A Web-based course developed for teaching reference work at the Department of Information Science at the University of Pretoria (UP) (South Africa) is discussed. The significant impact of technological changes on the scope and nature of reference work, as well as the implementation of a telematic teaching model at UP, served as the rationale for offering the course through WebCT. Although students had positive experiences, a number of unexpected implementation difficulties were experienced. Since the majority of students come from disadvantaged backgrounds, most of these problems can be ascribed to the role played by the digital divide. These problems were identified through focus and chat groups, the lecturer's experiences and informal feedback from students. A framework of instructional design principles for Web-based teaching is suggested based on the basis of the difficulties identified. It allows for students from disadvantaged backgrounds and should be useful for similar teaching situations in both developing and developed countries. Specific suggestions are made for the adaptation of the reference work course at UP.
Service learning in the Library and Information Studies curriculum at the University of the Western Cape : an exploratory studyAuthor S.L. WitbooiSource: Mousaion 22, pp 89 –102 (2004)More Less
Service learning is a relatively new form of community-based learning. It creates opportunities for students at higher education institutions to gain hands-on experience whilst serving the community with their professional skills acquired thus far. In this article service learning is defined and compared with other forms of experiential learning such as fieldwork, volunteerism, internship, and community work (also known as community outreach). This article reports on an analysis of the current forms of community service within the Department of Library and Information Science at the University of the Western Cape. The current professional requirement, namely fieldwork, is reviewed. The results of the interaction of a focus group of public librarians and thematic interviews conducted with office-bearers, administrators, academic personnel and members of various higher educational institutions, organisations and librarians were used to determine the criteria for the analysis. The findings of this study show that there is a place for service learning in the curriculum and that service learning should not replace other experiential learning practices, but should continue to co-exist with them within a curriculum.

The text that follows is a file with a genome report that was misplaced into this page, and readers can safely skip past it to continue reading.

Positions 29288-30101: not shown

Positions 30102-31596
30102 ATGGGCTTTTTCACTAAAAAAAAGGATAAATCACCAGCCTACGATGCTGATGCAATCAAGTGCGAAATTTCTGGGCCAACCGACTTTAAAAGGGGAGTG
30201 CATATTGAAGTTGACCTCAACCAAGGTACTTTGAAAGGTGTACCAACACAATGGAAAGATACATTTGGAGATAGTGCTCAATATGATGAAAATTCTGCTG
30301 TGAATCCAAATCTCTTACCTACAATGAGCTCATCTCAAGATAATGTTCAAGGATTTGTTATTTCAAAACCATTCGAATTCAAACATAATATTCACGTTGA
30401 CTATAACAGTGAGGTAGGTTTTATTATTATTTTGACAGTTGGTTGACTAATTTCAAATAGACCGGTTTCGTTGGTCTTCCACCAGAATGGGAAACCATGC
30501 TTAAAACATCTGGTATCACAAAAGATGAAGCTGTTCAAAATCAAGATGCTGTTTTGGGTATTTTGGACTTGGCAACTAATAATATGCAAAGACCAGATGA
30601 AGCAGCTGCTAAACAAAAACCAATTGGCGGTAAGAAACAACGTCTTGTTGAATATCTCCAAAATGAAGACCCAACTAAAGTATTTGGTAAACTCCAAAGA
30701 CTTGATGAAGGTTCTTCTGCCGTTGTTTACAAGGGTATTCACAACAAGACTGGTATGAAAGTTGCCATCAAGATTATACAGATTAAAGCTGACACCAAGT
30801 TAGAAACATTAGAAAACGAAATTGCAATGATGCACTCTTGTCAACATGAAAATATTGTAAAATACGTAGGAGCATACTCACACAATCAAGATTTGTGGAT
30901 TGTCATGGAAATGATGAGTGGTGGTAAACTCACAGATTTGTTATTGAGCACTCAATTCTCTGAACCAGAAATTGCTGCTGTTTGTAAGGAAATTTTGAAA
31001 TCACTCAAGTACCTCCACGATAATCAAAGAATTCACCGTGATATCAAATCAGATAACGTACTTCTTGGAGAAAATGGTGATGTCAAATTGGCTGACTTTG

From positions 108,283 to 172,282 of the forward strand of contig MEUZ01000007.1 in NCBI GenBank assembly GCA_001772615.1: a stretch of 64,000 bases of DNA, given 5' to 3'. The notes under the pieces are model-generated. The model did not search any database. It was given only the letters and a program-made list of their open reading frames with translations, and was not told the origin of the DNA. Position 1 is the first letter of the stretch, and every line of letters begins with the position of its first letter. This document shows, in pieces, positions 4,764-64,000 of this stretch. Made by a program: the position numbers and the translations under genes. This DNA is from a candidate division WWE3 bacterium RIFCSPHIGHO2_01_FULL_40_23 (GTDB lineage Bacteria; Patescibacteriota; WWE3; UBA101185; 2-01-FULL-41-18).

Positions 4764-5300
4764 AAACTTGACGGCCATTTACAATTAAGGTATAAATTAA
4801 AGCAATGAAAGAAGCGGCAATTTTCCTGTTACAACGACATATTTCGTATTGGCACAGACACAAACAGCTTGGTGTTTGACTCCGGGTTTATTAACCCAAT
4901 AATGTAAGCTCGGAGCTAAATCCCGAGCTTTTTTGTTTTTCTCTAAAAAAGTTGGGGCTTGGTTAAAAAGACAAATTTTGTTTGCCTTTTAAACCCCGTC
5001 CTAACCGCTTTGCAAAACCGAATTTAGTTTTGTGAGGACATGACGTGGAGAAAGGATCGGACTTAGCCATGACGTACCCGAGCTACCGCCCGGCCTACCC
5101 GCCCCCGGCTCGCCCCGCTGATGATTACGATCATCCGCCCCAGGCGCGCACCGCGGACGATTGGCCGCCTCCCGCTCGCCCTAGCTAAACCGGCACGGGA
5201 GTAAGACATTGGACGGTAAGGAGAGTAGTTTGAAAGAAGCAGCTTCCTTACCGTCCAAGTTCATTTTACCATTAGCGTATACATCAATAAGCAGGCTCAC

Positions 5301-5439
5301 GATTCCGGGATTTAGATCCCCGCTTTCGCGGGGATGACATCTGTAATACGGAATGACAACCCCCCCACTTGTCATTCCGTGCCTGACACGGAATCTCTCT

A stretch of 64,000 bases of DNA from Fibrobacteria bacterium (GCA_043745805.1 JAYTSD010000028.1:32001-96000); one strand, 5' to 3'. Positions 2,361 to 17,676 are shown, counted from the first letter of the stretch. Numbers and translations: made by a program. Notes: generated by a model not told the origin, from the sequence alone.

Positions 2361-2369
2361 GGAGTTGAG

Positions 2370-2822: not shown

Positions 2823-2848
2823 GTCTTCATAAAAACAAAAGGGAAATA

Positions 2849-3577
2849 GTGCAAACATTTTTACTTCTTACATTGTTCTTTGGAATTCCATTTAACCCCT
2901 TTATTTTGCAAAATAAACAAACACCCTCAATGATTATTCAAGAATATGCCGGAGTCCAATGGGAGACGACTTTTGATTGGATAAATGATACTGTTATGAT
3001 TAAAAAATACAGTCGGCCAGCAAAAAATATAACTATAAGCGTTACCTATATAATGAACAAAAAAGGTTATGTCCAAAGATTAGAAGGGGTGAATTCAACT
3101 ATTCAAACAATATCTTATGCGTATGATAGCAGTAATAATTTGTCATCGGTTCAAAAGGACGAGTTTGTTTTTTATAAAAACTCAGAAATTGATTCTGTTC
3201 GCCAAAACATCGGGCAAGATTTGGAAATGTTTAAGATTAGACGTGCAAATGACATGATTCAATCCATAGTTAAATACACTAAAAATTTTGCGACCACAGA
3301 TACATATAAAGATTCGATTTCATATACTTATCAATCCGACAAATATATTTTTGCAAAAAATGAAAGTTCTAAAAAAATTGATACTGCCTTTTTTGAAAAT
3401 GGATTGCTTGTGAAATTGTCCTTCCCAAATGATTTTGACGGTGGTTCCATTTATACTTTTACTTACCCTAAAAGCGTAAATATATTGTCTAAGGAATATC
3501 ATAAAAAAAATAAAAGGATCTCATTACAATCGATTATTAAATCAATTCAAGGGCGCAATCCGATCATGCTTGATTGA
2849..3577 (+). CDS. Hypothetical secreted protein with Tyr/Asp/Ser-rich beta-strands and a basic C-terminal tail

Towards a framework for continuing professional development of library and information service personnel in South AfricaSource: Mousaion 22, pp 103 –118 (2004)More Less
Continuing professional development refers to the purposive efforts adopted by the library and information services (LIS) sector to encourage and provide for the growth of its human resources. This article discusses continuing professional development of LIS personnel and it emphasises the importance of training and development in the South African LIS sector. Since there is no structured framework for continuing professional development of the LIS personnel in South Africa, this article explores what is available in order to come up with a suitable framework for continuing professional development that can be used in South Africa. The Chartered Institute of Library and Information Professionals' (CILIP) (United Kingdom) Framework for continuing professional development is suggested for the South African LIS sector and its importance is discussed.
Produksiepatrone van Afrikaanse kinder- en jeugprosa : 'n verkennende statistiese ontleding, 1990-2001Source: Mousaion 22, pp 119 –136 (2004)More Less
This article feeds into the discourse about reading promotion in South Africa. Data obtained from the Production Trends Database (PTD), situated in the Publishing Programme in the Department of Information Science at the University of Pretoria were analysed to elicit production trends in the production category, Afrikaans children and youth prose (fiction) during the period 1990-2001. The data were analysed according to the number of titles published per year, the publishers involved, the relation between original Afrikaans texts and translations as well as the number of re-editions produced. The analysis provides a disturbing picture of the declining production figures in this production category and points to areas for future research.